Nature Diary: There is more to hedgerows than their visual aesthetic
They provide food for animals and store carbon to mitigate against climate change
Hedgegrows give rural Ireland that patchwork quilt landscape that Failte Ireland use in international tourism campaigns. Photograph: Getty Images
Hedgerows are such a familiar part of our landscape that we take them for granted. They give rural Ireland that patchwork quilt landscape that Fáilte Ireland use in international tourism campaigns.
Yet it’s often only when we travel beyond Ireland and Britain that we appreciate what we have – when we see the absence of hedgerows in rural landscapes across much of the European mainland.
However, hedgerows are more important than their visual aesthetic, as they provide foods for birds, bees, and butterflies in spring and summer and nesting sites for many bird species.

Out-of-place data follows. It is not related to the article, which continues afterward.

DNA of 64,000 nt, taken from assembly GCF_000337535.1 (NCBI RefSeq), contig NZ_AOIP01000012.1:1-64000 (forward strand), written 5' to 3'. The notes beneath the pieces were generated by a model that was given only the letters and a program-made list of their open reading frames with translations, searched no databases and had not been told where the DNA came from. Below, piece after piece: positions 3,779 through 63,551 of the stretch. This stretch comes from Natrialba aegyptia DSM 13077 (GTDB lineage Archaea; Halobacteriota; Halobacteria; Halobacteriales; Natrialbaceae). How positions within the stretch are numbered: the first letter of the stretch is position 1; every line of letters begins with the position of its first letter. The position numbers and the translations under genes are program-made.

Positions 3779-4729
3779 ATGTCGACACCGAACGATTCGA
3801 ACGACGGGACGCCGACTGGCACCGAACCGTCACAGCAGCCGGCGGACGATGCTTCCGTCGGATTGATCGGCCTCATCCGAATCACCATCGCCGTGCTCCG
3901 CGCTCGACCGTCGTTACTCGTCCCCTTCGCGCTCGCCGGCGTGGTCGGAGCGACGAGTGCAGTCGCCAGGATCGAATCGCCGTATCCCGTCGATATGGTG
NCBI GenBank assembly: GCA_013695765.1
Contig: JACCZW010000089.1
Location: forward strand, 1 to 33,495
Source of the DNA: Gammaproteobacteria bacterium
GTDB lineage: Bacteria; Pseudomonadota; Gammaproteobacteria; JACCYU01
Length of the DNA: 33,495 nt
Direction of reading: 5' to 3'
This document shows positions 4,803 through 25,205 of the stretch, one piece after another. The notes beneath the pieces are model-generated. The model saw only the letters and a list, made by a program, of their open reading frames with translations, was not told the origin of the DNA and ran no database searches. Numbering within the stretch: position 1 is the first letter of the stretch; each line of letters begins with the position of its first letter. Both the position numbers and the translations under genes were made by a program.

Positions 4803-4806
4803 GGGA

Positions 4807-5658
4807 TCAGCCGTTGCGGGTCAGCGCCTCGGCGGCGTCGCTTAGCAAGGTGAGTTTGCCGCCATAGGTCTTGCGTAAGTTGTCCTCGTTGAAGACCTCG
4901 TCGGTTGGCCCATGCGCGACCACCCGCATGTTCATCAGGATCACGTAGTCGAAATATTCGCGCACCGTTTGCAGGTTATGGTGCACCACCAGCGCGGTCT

They also prevent soil erosion and store carbon to mitigate against climate change. Landowners are forbidden from cutting hedges from March 1st to August 31st, for many of these reasons. The flowering of hedgerow shrubs such as blackthorn and whitethorn in the next few weeks remind us all of this valuable natural resource that needs to be looked after.